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Privatization, the Orthodox Way

By Dmitry Babich Russia Profile 03/02/2009

The Russian Orthodox Church Promised not to Take More than It Can Carry

The simultaneous publication of several stories on the draft law authorizing the return to the Russian Orthodox Church of the buildings, land and other property which now formally belong to the state but are used by the church for free stirred heated social debate. The Kommersant daily wrote that the law made the church “one of the richest owners in the country.” The newspaper attributed the authorship of the draft law titled “On the Ownership by Religious Organizations of the Property Used for Religious Purposes” to the Ministry for Economic Development.

“We did prepare this draft, but it was a long time ago,” Elvira Nabiullina, the minister of economic development, commented during her visit to RIA Novosti on Tuesday, in which she accompanied the Prime Minister Vladimir Putin. “In fact, property is already being transferred to the Orthodox Church; we are just trying to put this process in a legal framework.”

Metropolitan Kliment (Kapalin), the Chancellor of Moscow Patriarchate and the bishop of Kaluga and Borovsk, defended the bill, saying that it was necessary for the church’s independence and for its normal functioning. “The regular privatization laws simply won’t work in this situation,” Kliment said in response to a reporter’s question in the Public Chamber of Russian Federation. “According to the law, you need to organize a tender if you want to transfer state property to private owners. But what kind of tender can there be for church buildings or cathedrals? So, a special law needs to be adopted which would make it possible for the believers to become owners of something that is truly theirs, and that they often create with their own hands.”

Kliment stressed that the church was supposed to receive the property not as an institution, but primarily as a community of believers. He confirmed that church buildings began passing into the church’s ownership in 2006, but noted that most of the church buildings were still owned by the state, and that the church did not plan to take hold of all the assets it can lay claim to. “For example, the cathedral of Christ the Savior [the main venue for the church congresses and the biggest Orthodox cathedral in Russia] is owned by the office of the Moscow mayor,” Kliment said. “In the cases when the church buildings are important architectural monuments, we welcome cooperation from the state and the museums. In fact, we ask the state to provide specialists in restoration and construction who would help us maintain the buildings in good condition. When we can’t do it on our own, we won’t claim ownership. These claims are not automatic.”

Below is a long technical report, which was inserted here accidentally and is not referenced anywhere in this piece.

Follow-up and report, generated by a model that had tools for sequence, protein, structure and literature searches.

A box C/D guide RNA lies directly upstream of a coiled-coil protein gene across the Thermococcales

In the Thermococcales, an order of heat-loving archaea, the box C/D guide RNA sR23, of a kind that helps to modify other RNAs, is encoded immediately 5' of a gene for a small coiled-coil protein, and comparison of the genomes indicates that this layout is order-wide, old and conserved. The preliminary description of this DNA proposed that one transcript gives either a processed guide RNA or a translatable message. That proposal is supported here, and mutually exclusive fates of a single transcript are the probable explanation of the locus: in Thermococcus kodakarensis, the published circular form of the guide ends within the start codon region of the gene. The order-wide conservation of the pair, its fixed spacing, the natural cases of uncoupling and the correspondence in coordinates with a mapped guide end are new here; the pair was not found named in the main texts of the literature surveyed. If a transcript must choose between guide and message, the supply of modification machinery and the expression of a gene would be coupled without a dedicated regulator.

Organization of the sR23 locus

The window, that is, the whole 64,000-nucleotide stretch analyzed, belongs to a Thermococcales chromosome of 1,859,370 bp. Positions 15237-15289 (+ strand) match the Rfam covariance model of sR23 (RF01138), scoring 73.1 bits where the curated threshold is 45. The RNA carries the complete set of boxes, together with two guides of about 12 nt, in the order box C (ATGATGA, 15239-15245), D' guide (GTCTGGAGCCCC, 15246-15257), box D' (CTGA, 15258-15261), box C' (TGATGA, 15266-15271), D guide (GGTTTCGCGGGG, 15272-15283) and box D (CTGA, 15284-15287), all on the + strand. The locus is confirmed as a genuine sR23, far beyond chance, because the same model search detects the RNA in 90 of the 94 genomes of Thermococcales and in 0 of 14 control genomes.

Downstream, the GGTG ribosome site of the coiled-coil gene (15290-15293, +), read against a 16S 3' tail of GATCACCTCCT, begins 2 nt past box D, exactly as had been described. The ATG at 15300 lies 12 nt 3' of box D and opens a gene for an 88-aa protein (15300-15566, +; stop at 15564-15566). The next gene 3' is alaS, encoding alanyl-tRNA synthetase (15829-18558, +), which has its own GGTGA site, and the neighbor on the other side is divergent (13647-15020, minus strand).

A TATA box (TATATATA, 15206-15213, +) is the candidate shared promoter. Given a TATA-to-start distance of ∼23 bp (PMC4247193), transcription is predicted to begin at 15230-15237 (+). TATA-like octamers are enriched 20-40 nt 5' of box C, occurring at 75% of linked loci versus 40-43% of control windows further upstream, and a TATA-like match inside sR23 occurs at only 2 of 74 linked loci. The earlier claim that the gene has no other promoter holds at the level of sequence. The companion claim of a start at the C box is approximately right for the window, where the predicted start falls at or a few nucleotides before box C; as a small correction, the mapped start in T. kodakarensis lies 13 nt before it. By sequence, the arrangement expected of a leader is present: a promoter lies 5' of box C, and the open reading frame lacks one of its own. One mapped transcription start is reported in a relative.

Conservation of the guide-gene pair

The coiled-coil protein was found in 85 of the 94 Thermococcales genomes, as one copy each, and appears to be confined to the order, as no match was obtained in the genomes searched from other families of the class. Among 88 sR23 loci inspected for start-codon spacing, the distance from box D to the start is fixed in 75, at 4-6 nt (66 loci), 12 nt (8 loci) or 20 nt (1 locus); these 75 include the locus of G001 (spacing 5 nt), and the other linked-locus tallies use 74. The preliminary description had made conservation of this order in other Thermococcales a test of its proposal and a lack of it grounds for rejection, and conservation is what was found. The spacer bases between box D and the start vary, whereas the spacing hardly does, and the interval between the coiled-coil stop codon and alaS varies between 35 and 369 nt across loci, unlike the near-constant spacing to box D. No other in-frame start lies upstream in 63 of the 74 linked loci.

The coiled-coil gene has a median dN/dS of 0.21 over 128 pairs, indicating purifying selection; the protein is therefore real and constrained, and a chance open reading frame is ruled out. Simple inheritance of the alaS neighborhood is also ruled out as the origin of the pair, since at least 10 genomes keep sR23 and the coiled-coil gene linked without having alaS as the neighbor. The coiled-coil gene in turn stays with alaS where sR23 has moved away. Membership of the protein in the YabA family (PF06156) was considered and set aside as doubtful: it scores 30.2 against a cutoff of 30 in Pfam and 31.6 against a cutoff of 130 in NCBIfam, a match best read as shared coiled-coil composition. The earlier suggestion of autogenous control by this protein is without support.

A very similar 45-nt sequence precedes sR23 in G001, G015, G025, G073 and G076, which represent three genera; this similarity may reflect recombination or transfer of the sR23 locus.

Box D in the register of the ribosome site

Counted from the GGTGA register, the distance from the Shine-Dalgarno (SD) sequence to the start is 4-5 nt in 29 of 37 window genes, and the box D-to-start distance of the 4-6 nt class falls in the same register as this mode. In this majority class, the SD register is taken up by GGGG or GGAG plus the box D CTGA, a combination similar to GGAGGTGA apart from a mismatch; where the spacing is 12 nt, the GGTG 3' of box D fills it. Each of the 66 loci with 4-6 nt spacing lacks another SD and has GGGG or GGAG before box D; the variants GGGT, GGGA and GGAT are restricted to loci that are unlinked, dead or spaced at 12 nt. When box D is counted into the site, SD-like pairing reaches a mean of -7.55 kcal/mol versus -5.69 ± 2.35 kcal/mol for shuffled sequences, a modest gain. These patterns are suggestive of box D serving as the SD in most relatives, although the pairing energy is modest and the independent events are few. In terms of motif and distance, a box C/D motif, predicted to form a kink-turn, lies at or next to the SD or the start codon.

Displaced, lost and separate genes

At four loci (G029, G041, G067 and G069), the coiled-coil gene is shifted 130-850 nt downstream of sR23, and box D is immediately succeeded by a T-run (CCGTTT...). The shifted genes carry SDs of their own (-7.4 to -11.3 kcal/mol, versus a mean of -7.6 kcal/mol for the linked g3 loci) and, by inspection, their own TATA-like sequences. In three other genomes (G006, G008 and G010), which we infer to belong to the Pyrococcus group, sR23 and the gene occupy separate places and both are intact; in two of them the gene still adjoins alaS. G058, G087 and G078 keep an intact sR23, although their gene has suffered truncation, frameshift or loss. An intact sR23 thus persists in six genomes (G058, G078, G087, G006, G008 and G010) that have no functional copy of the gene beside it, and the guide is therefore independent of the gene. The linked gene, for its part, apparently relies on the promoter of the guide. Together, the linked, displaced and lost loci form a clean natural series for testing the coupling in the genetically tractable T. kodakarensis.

Kliment was referring to criticism on behalf of the press and art experts who claim that the church is often incapable of preserving icons, buildings, and other important objects in a proper way. The Muslim community, the second largest (after the Orthodox Christians) religious group in Russia, is also facing problems in maintaining the property which it may claim according to the new law. “In Orenburg [a city in southeastern Russia] there is a big building which used to house a Muslim religious school and several other Muslim bodies,” a representative of the Muslim Spiritual Directorate of the European part of Russia who wished to remain anonymous explained. “Now it is occupied by an agricultural academy. The local authorities suggested that the Muslim community take hold of it. But they refused because they simply did not need such a huge building and had no resources to pay for utilities. Instead, it was agreed that the Muslim clergy would use several rooms inside the building for free.”

Vladimir Gusev, a deputy from the Ivanovo region in the Federation Council of Russia, views the new draft law negatively. “This is just one more form of redistribution of property in Russia and this is a bad development,” he said. “The church may say many nice things now, but some of its leaders do not even conceal the fact that some of this real estate may be used for commercial purposes. Even the clergy is susceptible to temptation.”

However, the generally positive attitude toward the new draft law in the press and in other influential circles, such as the Public Chamber, speaks for its high chances of clearing both the Duma and the Federation Council. “If this is true, we shall be able to turn the page of our history, when the church owned almost nothing in Russia,” said Valery Rastorguyev, a professor at the Moscow State University and a member of the working group on preservation projects in the Public Chamber. “The church has proven in the last few years that it can be a much more effective owner than, say, the oligarchs.”

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